SpaceX, the darling of commercial space advocates and whipping boy of its foes, defied the odds Friday and sent a new rocket into orbit, a stunning achievement considering the company had to quickly recover from a trio of setbacks earlier in the day, including a dramatic last-second engine abort.
The 158-foot tall Falcon 9 rocket bolted off its seaside launch pad at Cape Canaveral, Fla., 2:45 p.m. EDT, delivering what may turn out to be a death knell to opponents of a new "buy commercial" initiative that threatens to upset the status quo at NASA like never before.
Soaring cleanly over the Atlantic Ocean just south of where NASA will soon mothball its shuttle launch pads, the rocket delivered a mockup capsule into orbit, following an apparently smooth 9 ½-minute ride.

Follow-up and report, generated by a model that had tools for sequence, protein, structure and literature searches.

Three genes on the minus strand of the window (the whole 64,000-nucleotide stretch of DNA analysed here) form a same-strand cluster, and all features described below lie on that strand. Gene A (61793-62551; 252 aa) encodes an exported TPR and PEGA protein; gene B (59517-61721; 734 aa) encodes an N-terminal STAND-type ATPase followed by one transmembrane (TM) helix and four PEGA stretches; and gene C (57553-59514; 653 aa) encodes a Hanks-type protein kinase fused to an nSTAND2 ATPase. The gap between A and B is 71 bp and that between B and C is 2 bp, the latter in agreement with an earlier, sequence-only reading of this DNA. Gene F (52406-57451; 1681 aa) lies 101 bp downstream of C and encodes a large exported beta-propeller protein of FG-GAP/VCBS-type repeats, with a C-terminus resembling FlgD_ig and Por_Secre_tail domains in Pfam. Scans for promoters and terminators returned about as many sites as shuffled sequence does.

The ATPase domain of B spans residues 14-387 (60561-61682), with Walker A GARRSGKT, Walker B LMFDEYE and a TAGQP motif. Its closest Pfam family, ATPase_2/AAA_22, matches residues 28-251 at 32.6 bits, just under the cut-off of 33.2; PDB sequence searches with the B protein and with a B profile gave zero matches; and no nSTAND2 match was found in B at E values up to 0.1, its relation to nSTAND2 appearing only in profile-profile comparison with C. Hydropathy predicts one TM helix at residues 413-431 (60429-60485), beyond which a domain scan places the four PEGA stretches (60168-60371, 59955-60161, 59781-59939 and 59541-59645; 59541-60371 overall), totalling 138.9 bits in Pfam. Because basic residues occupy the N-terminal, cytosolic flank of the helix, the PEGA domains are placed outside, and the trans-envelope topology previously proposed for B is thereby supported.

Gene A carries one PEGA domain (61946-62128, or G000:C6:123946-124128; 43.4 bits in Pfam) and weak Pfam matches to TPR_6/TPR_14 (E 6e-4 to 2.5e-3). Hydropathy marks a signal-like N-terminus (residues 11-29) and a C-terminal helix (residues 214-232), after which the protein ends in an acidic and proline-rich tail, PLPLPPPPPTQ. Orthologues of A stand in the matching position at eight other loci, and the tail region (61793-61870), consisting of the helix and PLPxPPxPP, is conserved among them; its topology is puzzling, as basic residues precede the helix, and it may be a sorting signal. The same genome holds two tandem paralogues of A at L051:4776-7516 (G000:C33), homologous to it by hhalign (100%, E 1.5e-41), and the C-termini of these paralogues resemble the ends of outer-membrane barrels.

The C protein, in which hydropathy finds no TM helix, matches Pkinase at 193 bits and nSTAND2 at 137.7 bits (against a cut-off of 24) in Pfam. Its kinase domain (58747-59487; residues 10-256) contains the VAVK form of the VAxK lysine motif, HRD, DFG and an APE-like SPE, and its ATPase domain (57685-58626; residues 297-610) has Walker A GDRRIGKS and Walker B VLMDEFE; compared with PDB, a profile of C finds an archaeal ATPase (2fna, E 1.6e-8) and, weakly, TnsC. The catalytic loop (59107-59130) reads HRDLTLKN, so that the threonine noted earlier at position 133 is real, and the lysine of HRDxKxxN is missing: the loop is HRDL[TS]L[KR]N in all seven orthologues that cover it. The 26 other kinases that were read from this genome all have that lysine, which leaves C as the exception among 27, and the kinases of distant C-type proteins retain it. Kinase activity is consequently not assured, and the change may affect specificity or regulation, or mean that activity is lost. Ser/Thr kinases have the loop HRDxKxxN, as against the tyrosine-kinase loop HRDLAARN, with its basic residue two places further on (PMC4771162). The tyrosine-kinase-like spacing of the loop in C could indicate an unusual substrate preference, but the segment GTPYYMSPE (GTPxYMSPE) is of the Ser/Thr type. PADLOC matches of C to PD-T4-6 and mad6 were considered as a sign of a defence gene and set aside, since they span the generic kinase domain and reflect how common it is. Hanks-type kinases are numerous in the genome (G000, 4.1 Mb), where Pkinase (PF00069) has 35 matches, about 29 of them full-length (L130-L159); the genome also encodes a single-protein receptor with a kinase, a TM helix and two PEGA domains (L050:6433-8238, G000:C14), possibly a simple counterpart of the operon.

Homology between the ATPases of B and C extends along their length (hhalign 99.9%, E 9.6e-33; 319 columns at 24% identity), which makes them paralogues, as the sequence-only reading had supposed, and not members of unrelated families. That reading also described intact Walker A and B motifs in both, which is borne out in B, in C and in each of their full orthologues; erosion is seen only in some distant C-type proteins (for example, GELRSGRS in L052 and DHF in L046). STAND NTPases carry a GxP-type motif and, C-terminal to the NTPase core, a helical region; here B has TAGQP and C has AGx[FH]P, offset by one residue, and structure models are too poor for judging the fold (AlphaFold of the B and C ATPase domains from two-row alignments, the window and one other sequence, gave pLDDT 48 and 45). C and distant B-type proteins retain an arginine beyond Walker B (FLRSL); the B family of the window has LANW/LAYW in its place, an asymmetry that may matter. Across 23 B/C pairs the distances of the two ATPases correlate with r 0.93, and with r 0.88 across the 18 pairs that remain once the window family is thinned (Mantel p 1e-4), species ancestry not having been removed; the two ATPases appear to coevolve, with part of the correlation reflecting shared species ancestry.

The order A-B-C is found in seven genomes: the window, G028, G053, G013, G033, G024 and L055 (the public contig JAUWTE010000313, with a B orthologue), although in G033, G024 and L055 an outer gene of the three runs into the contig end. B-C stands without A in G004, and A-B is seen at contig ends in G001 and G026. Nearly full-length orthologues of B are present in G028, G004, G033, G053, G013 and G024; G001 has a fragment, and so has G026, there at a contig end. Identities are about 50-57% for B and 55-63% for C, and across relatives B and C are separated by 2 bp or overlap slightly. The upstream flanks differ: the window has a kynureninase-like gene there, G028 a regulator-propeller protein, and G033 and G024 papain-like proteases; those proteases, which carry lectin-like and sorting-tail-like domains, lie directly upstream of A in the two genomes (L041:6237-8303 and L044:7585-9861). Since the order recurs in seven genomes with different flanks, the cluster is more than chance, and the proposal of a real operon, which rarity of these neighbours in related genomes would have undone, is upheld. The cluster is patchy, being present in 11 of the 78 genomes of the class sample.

"It looks like we have made progress toward expanding the human presence in space," said SpaceX's Robyn Ringuette, who provided a bit a launch commentary on a Internet broadcast of the launch.
SpaceX intends to fly again this summer on a demonstration mission for NASA. By next year, it plans to start work on a $1.6 billion NASA contract to haul cargo to the International Space Station. Its ultimate goal, however, is to fly people aboard cheap, safe reusable spaceships.
The Obama administration wants to turn over station crew ferry flights to companies like SpaceX, an idea that has been hotly debated in Congress. Falcon 9's inaugural launch, however, could take some of the wind out of critics' sails.
(Falcon flies. Credit: Getty Images)